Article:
Whose bloodthirst will be quenched?
Certain institutions like the higher judiciary, the media and civil protests still uphold the values of our democracy otherwise paralysed by a communalised, sectionalised and criminalised political system, writes Maloy Krishna Dhar.india Updated: Dec 30, 2006 00:09 IST
Arundhati Roy’s OPED piece on December 23 (Who killed Reality TV?) evoked my curiosity and admiration. The death sentence on Mohammad Afzal Guru has also been a sentence on our frivolous societal behaviour. We have been deluged by floods of reportage, comments, display of anger, hatred and compassion in the media.
The judicial process has been politicised, communalised, lionised, demonised and defied. While the constitutional right to expression is well reflected in such wide varieties of reactions, we tend to forget that by communalising, politicising and passing witch-court verdicts on a person condemned to death by the Apex Court, we exhibit the worst kind of animal psyche we suffer from.
Sentencing Afzal is not the same as a medieval burning at stake. It is a complicated legal process involving criminal jurisprudence, legal hair-splitting, and constitutional sanctity. The legal and the constitutional processes have not yet been exhausted. The Apex Court is yet to deliberate on the curative petition and the President is yet to put his seal on the mercy petition. Yet, we are baying for his blood. Whose thirst will be quenched by the blood of an alleged offender — that of a disaffected Kashmiri, a disgruntled Naxal, a desperate Tripura tribal or a starving peasant in Vidharba?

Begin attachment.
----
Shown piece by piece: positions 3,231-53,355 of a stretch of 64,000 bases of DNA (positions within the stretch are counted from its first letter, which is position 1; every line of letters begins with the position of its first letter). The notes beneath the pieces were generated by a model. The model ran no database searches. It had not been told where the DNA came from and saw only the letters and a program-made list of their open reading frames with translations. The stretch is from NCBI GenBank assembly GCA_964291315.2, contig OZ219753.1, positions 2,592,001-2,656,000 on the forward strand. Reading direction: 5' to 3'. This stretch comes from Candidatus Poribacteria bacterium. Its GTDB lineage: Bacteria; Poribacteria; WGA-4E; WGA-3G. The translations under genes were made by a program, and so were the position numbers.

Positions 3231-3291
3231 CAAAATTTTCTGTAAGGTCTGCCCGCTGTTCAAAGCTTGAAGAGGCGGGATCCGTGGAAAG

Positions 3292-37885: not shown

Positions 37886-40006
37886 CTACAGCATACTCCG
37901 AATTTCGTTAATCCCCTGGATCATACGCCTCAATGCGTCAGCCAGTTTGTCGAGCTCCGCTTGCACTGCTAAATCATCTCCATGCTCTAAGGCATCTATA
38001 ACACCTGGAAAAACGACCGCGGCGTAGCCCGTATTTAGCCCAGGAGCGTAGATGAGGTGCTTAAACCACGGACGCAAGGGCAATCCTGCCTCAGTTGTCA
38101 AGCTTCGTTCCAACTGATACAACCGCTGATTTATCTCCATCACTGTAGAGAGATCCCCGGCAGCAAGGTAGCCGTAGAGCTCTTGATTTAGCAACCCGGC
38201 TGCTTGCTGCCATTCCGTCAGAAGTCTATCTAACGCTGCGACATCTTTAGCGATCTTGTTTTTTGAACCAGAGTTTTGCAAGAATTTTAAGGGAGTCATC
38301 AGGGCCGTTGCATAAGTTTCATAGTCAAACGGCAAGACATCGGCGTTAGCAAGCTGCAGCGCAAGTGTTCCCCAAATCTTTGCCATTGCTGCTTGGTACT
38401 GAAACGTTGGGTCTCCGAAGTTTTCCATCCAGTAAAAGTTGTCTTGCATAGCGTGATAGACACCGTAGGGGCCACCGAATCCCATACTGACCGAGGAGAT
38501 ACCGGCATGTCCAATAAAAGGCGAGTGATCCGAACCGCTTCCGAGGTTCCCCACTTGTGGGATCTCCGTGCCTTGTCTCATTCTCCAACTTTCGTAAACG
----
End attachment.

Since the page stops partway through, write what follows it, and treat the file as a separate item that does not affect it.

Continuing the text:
Certain institutions like the higher judiciary, the media and civil protests still uphold the values of our democracy otherwise paralysed by a communalised, sectionalised and criminalised political system.
The legal process of sentencing Afzal has often been overshadowed by public outrage. However, displays of ‘electronic patriotism’, through the Internet or SMS, often expressed in slaughter-house lingo, is no patriotism at all. Spot SMS polls on news channels may make sense in telemarketing circles, but sentencing Afzal is not about telemarketing.
Even if it is accepted that the trial of Afzal has been fair at every stage of the legal process — which is contested by many like Arundhati Roy — we have to take into account that the higher judiciary has, of late, carried out spectacular revisions of judgments (Priyadarshini Mattoo and Jessica Lall cases). What is the harm if Afzal gets a fresh chance to exhaust all avenues before he walks up to the gallows?
Why should the sentencing of Afzal be treated as a political issue? One spectrum of political view seems to be defensive and shy, while the other is itching to set the lynch mob on him. Has Afzal become a pawn on a political chessboard to be shifted around?
The politicians had created a symbol of Sikh resistance between 1975 and 1980. They demolished it by using excessive force in 1984 and invited a decade-long turmoil which was exploited by Pakistan. In the case of the hanging of Maqbool Butt in 1984, the government had ignored certain ground realities. Maqbool was sentenced to death in 1976. Why did the government wait for years to hang him in 1984?